This Act enables the police and trading standards officers to issue a closure notice to a person for whom there is evidence that they have committed an offence for which there is a reasonable prospect of conviction. The closure notice discharges the person from any further criminal liability but prevents them from selling alcohol for the period specified in the notice. This act increases that period from a maximum of 48 hours to a period of between 48 hours and 336 hours.

The Licensing Act 2003 contain powers to make regulations to prescribe the annual fees payable by the holders of premises licences and club premises certificates.  A fee which is not paid on the due date can be recovered as a debt due to a licensing authority. No other sanction for non-payment of an annual fee is available to a licensing authority. This Act requires a licensing authority to suspend a licence or certificate for non-payment of an annual fee if certain conditions are met.

This Act enables BANES to introduce a levy payable by the holders of a premises licence or club premises certificate if they are authorised to supply alcohol between midnight and 6am.





Monday, 12 December 2011

The Live Music Bill


This piece of legislation is being steered through Parliament by our local MP Don Foster.

We, however, are very concerned that this Bill will undermine conditions designed to reduce noise pollution from premises licensed to sell alcohol. One of the great things about this city is that large numbers of residents still live in the centre – around 10,000 in Abbey and Kingsmead, the two central wards. These people’s lives are already subject to disruption from licensed premises and their clientele, and we are strongly opposed to measures of deregulation which could make the present situation worse. Most working adults and the elderly retire not long after 22.00 hours, but small children are put to bed from 19.00 hours. It is unacceptable that more noise should be allowed during the period when people are trying to get to sleep.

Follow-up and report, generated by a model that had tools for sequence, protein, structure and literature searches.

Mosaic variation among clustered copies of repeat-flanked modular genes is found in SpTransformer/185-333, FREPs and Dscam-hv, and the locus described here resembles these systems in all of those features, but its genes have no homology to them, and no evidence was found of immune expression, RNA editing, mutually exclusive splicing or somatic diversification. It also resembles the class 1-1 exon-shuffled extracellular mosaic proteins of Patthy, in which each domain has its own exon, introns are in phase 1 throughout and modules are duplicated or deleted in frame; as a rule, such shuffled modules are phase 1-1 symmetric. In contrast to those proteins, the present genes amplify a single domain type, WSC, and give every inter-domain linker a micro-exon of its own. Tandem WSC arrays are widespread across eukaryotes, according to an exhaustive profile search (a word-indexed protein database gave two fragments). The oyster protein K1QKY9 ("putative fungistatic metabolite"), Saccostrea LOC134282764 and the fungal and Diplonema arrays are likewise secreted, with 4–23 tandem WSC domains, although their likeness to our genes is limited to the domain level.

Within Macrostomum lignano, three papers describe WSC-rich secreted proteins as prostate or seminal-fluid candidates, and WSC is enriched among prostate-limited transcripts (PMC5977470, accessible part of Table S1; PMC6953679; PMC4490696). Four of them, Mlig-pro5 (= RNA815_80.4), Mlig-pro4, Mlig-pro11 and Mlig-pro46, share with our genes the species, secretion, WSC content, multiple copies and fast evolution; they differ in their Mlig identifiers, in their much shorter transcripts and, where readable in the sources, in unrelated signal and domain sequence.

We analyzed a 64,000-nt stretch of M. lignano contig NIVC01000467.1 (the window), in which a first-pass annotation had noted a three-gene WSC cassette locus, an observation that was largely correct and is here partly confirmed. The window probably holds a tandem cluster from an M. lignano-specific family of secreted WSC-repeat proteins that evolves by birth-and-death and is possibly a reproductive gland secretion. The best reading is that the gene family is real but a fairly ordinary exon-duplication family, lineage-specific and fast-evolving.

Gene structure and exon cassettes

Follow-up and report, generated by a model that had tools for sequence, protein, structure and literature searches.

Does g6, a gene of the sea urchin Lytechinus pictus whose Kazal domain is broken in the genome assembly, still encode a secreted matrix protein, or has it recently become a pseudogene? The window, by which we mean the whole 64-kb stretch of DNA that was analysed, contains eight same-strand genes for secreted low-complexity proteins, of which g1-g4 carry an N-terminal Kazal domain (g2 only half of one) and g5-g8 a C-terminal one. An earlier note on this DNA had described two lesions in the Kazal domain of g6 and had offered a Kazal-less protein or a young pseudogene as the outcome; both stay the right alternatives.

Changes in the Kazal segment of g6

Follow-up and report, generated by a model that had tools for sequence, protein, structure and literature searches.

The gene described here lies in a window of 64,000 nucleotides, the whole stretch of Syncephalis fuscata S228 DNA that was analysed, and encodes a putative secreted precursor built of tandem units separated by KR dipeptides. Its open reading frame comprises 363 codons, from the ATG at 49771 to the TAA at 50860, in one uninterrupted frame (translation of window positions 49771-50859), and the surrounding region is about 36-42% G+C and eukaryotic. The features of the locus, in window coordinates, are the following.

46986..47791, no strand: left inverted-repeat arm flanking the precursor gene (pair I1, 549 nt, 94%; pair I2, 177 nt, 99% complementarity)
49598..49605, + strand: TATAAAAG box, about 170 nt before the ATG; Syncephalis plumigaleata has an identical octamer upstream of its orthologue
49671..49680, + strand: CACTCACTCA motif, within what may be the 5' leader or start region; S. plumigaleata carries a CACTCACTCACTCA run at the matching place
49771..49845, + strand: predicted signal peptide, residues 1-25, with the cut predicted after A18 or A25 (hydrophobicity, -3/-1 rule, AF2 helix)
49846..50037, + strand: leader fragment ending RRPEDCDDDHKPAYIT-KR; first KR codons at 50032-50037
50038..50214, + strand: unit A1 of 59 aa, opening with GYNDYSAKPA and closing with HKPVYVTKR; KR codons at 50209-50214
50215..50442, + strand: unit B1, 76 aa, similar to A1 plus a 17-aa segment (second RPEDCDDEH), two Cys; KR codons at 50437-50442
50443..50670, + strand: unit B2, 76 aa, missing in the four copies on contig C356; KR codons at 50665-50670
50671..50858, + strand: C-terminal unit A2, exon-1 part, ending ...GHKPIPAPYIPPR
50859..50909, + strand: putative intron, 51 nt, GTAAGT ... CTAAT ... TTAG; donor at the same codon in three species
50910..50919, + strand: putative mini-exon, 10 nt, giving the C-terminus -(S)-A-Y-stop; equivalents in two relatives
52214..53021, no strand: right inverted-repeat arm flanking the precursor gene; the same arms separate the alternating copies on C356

The Bill relies heavily on a cut-off of 200 patrons, as if implying that a function with such a number is unlikely to cause a problem. We believe that this is completely misguided. Most premises in the hotspots in Bath have a lower capacity than this, but have great potential to disturb nearby residents if not properly controlled. It is also entirely unclear who the supporters of the Bill believe are going to enforce such a limit.

Most licensed premises in Bath have licence conditions relating to noise i.e. closed windows, noise limiters etc. The Bill would remove these conditions unless residents had gone to the enormous trouble and stress of seeking a licence review to re-impose them. It is not right that the onus for obtaining a reasonable outcome should rest on residents, rather than the businesses who will be making a profit out of the increased noise.